It’s also the last wedding in our immediate circle of friends. Ed and I started the wedding trend in 2003, Yvette and Brian, and Louanne and Patrick got married in 2004, and in 2006, Josh and Mon tied the knot. Louanne mentioned during the reception that this may be the last time that we’d be all sitting in the same table during a wedding.

Except for Josh and Mon who are still looking for a place, we all bought houses in 2004 and 2005. Home renovations have been a common bond for us the last year or so. And come November, we will welcome the first baby in our circle with Yvette’s and Brian’s baby.

I love having these friends whom I share the evolution of my life with. They certainly make it more fun and interesting and I totally appreciate having them in my life.

12 July 2006

Hachi Bei

We had dinner at a really good Japanese restaurant tonight, a place called Hachi Bei. It’s on 16th Ave, about two blocks east of Oak St. Apparently, their specialty is the barbequed seafood so Ed and I had the bbq squid and bbq mackarel, respectively. Both dishes were delicious. It’s just refreshing to eat something different in a Japanese place.

11 July 2006

Beach volleyball

Yesterday, Kevin, my co-worker, asked me to play beach volleyball with them. They need a minimum of two girls and usually, Jo and Hina play but Hina was sick so they were short one girl. Kevin said that by showing up, I already give the team 5 points (I guess that’s the penalty for not having enough girls). I was better than having nobody, in other words. So, I reluctantly agreed. I haven’t played volleyball since high school and I was never good at it. All I remember is how much it hurt my arms. I was not really looking forward to it.

Before the game started, I got the quick tutorial of what to do and where to stand. Practicing the toss, I hurt my thumb. Great, that’s a good sign.

It turned out to be not so bad. My arms did hurt, a lot. But I also served quite well and scored a few points that way for the team. I squealed just once - when a serve was directed my way and it freaked me out. And I was able to pass the ball a few times. I missed a bunch too. Oh well.

The other thing that hurt were my feet and ankles. I was barefoot and running around on sand. There’s no support whatsoever for the lateral movements my feet have to endure. My right foot cramped up by the third game. How come nobody has invited beach volleyball shoes yet, I wonder?

In the end, we won some of the matches and I thought we played fairly well, considering they had me! Go Team Navarik!

7 July 2006


I did it - I joined the FCRCC OC1 orientation program last week. My first session was last Thurdays, June 29. This orientation program also entitled me to participate in the OC6 novice program every Tuesday evening and Saturday morning.

My OC1 session was very interesting. It was my first time in an OC1 and Norm, the coach, explained how to get the outrigger assembled, how to steer it, and how to get it into the water. I stayed in Alder Bay for a while, just going in circles, as I got accustomed to the OC1. We did go out to False Creek and that was exciting. I was very careful not to tip the boat over.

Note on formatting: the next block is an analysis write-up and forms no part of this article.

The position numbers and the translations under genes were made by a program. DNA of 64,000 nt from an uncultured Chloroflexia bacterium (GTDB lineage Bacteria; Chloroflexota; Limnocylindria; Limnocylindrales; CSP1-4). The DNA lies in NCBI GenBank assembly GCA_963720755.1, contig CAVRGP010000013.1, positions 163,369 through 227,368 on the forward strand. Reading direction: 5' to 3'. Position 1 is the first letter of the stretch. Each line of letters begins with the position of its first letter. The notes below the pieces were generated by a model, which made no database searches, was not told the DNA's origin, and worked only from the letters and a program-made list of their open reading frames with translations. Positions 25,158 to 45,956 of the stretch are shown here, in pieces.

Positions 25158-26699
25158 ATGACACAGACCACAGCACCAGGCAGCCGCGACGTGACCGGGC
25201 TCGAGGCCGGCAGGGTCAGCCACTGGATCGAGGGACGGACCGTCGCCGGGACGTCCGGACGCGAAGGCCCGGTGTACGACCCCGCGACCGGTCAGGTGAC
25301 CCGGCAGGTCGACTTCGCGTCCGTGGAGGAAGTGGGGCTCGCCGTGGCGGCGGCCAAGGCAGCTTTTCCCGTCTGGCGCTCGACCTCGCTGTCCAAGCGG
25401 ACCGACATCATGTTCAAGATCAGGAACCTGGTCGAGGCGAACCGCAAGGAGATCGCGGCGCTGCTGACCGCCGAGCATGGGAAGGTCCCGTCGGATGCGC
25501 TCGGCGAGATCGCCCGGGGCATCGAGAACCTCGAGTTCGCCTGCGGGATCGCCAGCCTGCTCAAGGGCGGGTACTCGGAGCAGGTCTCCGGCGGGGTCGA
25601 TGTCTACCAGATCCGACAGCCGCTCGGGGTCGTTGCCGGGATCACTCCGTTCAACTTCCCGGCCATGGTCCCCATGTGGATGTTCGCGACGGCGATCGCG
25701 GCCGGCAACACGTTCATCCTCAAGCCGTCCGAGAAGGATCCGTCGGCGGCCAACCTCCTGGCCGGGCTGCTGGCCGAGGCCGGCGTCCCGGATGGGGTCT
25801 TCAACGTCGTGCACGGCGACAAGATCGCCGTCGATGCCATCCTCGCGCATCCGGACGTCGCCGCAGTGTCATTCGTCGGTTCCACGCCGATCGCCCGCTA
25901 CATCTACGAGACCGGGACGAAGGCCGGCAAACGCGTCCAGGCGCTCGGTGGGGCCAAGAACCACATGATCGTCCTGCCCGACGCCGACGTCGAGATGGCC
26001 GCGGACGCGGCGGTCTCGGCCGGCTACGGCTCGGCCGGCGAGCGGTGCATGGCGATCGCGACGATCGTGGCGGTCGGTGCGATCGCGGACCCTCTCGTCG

I attended the OC6 practice the following Tuesday, July 4. My first time in an OC6! We paddled from the Burrard marina to Siwash rock in Stanley Park. It was really fun and Norm said my technique is very sound, which was nice to hear. I found the paddling easier on the body because it’s not so frantic. It’s a little weird, though, because there is no foot brace to push off of and I haven’t figured out how to do a proper leg drive. Norm wanted me to focus on keeping my torso steady and to not lean out to the side. I want to work on my right side and making sure I lean forward and rotate properly.

It was really nice to paddle out by Stanley Park. With the dragon boat, we’re confined to False Creek but with the OC6, we can go out to the open water. And I get to feel the boat more, maybe because it’s lighter. I don’t know why that is but I just do.

So for the next few weeks, I’ll be paddling in the outriggers more than the dragon boat. Should be fun...

6 July 2006


Together with some friends, I went to Cirque du Soleil’s Varekai last night. The show was amazing. Everything about it was amazing. The costumes, music, choreography, acrobatics, and funny acts were all so superb. The entire time, my eyes were popping out in awe and my hands were tired from clapping. I must have said “wow” a gazillion times! Okay, I’m exaggerating but it was quite spectacular indeed.

The acts in the show, from what I remember:
- angel twirling in the net in the air
- acrobatics with guys being juggled and twirled using the feet
- three boys twirling rope thingies
- four women swinging up in the air (trapeze)
- russian (georgian) dance
- a woman doing maneuvers in an aerial hoop
- juggler
- acrobatics - a blend of bendy people and balancing them plus sliding around the stage
- two guys flying through the air suspended by their wrists
- bendy girl balancing in canes
- somersaults from swings
- clowns - disappearing act, guy singing a french song

The highlight acts for me were the two guys flying through the air, the foot juggling acrobatics, and the somersaults from the swings. The “musical” acts were really good too. I didn’t want the show to end. It was quite disappointing when they started taking their bow. I just wanted the show to go on and on.

What a show! Thanks to Kei for treating us! You rock!